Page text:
Bloody Valentine: The Horror Of The Cross And The Love Of God
Today is Friday the 13th of February and that means tomorrow we celebrate Valentine’s Day. Two days back-to-back that most people recognize as being very different. Friday the 13th is most famous for being the name of a horror film franchise about a knife-wielding psychopath named Jason. These movies were very successful and created such a cultural stigma around the date that movie studios regularly release horror films on Fridays that fall on the 13th day of the month, if at all possible. But that’s not where it started.
Friday the 13th wasn’t an arbitrary date some screenwriter chose. The number thirteen has long been considered an unlucky number. Most people trace this back to the thirteen people seated around the table at the Last Supper—one of them being a traitor whose betrayal would ultimately result in the Crucifixion of Christ on Good Friday. So put thirteen and Friday together and the worst is sure to happen. That’s the superstition anyway.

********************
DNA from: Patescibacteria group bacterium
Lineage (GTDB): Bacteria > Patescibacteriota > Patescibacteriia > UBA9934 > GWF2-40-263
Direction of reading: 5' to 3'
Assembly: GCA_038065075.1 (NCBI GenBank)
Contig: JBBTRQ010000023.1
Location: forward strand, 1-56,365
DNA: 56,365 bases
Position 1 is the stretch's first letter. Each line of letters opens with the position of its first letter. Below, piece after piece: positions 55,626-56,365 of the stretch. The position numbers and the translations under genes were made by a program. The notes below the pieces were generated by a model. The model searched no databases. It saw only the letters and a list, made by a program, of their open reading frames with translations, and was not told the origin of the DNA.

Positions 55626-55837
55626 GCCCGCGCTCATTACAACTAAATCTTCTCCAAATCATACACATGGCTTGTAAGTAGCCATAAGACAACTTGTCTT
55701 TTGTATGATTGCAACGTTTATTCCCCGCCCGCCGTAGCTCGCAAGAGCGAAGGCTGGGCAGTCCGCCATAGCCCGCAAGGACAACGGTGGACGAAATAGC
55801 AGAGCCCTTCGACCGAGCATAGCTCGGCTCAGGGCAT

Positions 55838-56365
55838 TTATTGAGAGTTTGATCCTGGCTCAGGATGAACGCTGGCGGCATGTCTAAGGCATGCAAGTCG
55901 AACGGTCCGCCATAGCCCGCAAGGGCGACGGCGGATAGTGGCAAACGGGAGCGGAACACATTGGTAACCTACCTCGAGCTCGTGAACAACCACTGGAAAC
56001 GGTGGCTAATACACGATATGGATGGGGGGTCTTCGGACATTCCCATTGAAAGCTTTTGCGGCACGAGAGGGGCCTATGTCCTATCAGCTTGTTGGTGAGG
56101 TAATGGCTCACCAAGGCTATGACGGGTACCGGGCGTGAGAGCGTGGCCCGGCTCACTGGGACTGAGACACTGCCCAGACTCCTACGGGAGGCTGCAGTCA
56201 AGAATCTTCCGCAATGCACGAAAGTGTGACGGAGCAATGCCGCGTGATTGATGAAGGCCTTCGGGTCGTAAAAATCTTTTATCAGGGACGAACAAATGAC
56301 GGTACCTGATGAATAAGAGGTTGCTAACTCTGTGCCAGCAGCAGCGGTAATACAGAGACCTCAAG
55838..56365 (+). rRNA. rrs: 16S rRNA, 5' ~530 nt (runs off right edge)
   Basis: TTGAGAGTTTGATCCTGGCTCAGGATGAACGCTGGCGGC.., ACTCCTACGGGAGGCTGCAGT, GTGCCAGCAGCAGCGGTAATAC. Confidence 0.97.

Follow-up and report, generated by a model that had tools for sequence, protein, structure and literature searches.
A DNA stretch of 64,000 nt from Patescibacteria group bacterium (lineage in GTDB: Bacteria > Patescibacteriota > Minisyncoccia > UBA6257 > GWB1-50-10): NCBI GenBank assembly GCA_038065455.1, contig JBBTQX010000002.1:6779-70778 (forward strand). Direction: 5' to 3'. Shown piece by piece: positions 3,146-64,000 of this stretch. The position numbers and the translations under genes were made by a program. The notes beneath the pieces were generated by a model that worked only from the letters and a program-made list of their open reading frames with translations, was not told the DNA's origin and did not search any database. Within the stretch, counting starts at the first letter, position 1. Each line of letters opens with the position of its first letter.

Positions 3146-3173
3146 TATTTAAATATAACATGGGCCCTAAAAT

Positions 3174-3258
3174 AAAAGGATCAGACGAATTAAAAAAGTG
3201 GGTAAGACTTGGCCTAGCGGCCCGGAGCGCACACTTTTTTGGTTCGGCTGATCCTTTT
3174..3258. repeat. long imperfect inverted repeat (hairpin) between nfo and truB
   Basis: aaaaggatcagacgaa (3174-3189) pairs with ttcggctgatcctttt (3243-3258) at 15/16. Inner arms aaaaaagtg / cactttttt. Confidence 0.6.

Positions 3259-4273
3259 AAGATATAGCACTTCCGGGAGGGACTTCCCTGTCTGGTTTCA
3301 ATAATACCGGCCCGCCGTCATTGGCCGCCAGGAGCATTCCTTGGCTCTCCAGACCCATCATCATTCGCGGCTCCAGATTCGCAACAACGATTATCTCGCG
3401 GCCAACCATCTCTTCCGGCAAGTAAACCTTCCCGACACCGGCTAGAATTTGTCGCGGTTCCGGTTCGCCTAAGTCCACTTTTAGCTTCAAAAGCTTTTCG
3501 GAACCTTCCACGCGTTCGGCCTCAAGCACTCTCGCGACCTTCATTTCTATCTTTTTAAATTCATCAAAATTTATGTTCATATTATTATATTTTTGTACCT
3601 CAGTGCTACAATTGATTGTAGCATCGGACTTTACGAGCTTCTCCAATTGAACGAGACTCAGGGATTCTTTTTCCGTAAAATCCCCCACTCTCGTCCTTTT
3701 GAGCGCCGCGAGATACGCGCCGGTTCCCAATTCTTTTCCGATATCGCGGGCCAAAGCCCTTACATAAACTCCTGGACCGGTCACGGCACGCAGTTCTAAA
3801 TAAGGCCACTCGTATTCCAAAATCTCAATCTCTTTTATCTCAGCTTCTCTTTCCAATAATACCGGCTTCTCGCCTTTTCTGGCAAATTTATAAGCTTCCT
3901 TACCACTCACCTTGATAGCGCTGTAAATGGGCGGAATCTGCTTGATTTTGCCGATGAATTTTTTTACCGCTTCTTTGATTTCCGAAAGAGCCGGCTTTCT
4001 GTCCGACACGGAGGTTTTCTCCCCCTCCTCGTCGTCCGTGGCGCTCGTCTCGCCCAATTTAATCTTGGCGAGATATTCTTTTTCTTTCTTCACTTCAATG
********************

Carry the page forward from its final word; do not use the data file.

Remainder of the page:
Valentine’s Day is celebrated as a day of love. Where boys buy girls flowers and candy, and take them to nice restaurants, and so on… but why? In the Third Century there was an emperor named Claudias who had banned soldiers from getting married. He believed a single solider was an undivided solider. Church tradition says that a Roman Priest named Valentine started preforming undercover weddings for these soldiers. He was eventually arrested and sentenced to death. February 14th is the day the Church believes Saint Valentine was beheaded, thus the day is named after him.
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